Dr. Sean Wheatley, PhD – Researcher and Trainer in Public Health/7 February 2017
Having worked for X-PERT Health for a whole over-four months now one thing that is more clear to me than ever is how controversial the field of diet and nutrition can be. The level of passion, sometimes even aggression, that can be seen in “debates” over the subject is incredible. In a previous blog I wrote about why one size doesn’t fit all, a statement I still believe; but there are a LOT of people who will preach regarding the superiority of one dietary approach over all others. There are people of this nature supporting most of the diets you’ll come across, and that is often because it “works for them”.
A standard response to try and discredit any other way of eating is to decry it as a fad. That is where this week’s blog comes in. How do people decide when something is just a fad, or when something might provide the sustainable success they’re looking for? How do you know when it might just be the one size that fits you?
Clean Eating (as seen on BBC Horizon…)
The first problem when trying to decide if a dietary approach has any substance is sometimes working out what it actually entails! There are many different varieties of certain diets that are grouped under the same name. I’m going to take “clean eating” as an example here, inspired by the recent BBC Horizon programme that looked at it (which is available here, until the end of February).
A large section of the BBC’s coverage of clean eating in this programme focused on the practices of a “doctor” in the United States (this guy) who promotes the power of alkaline eating. The logic is that our diet is too acidic, which makes our bodies too acidic, which causes disease. The solution therefore MUST be to eat alkaline foods to balance out all that nasty acid, restoring our body’s natural balance. HOORAY! Except that it’s nonsense, and our body is pretty good at managing its own acidity. The REAL problem in this example was the way the “doctor” in question preyed on desperate individuals, convincing them that this method was capable of curing diseases; including cancer (you may have seen this sad example). Somehow the BBC managed to use this, alongside some other relatively extreme examples, as part of a body of evidence to warn of the dangers of clean eating. But this probably isn’t fair on all the less dramatic, and more common, definitions of what “clean eating” actually is.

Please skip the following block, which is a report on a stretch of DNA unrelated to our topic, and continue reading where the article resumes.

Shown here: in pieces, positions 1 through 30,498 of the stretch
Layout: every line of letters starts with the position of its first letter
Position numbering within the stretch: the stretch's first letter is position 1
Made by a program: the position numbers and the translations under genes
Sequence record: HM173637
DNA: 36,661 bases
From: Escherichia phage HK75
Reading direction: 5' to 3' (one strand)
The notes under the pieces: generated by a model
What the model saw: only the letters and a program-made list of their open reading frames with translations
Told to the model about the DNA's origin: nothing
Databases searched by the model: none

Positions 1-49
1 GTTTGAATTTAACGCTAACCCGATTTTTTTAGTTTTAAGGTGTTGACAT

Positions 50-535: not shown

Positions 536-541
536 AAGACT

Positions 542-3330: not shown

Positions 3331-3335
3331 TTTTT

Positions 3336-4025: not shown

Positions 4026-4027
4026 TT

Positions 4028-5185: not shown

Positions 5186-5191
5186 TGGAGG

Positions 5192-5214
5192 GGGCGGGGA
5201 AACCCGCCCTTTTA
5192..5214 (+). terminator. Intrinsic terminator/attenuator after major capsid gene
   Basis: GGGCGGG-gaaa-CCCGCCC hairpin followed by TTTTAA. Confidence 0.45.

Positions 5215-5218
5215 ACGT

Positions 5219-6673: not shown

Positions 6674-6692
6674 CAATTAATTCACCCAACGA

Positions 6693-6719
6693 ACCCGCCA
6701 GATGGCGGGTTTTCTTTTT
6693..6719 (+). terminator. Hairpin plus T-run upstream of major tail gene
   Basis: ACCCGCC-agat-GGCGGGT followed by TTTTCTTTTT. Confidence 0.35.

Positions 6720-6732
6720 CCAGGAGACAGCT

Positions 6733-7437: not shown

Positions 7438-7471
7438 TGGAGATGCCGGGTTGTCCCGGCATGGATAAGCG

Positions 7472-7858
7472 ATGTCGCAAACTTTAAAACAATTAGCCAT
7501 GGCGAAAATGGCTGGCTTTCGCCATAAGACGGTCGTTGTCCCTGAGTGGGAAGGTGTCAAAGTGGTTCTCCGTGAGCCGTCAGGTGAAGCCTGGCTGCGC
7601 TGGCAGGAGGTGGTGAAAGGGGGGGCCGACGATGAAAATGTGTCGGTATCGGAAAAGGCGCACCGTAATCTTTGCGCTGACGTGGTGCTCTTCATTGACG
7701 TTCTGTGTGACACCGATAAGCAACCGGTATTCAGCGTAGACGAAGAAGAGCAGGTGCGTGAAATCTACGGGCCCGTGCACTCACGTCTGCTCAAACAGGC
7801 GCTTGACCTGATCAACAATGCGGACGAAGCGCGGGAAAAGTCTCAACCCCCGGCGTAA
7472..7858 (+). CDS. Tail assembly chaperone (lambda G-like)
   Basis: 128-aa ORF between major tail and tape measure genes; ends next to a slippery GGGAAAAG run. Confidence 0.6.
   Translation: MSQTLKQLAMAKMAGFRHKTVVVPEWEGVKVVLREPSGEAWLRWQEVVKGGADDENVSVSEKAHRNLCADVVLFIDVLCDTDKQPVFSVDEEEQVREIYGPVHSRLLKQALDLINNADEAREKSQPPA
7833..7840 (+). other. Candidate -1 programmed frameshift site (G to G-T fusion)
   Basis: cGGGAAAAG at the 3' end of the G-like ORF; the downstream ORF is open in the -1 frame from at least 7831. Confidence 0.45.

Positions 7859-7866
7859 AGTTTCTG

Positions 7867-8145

So what I am trying to say is that there are more and less extreme versions of lots of dietary approaches. The extreme cases may or may not be dangerous, and may or may not be healthy (whatever that means); but that doesn’t mean we should judge a whole way of eating based on individual interpretations of it.
As far as clean eating goes, if we’re going to define it as a natural, whole-food diet then I have no issues with it. Clean eating for many people means eating real, non-processed food; which is pretty sound advice. Not dangerous, not a fad. If we’re going to promote it as a cancer-curing, miracle alkaline diet though than I’m not such a big fan.
The Plain Crazy
Not all dietary approaches have that broad a spectrum of varieties however. They don’t all include options that can be categorised as good and others that can be dismissed as fads; and there isn’t always a grey area. Some are just ridiculous. Generally speaking, if a diet sounds crazy it probably is. Particularly if it is backed by reality TV stars or Gwyneth Paltrow (when it comes to Gwynny the advice to ignore what she says, or at least most of it, doesn’t stop at diet; like this for example).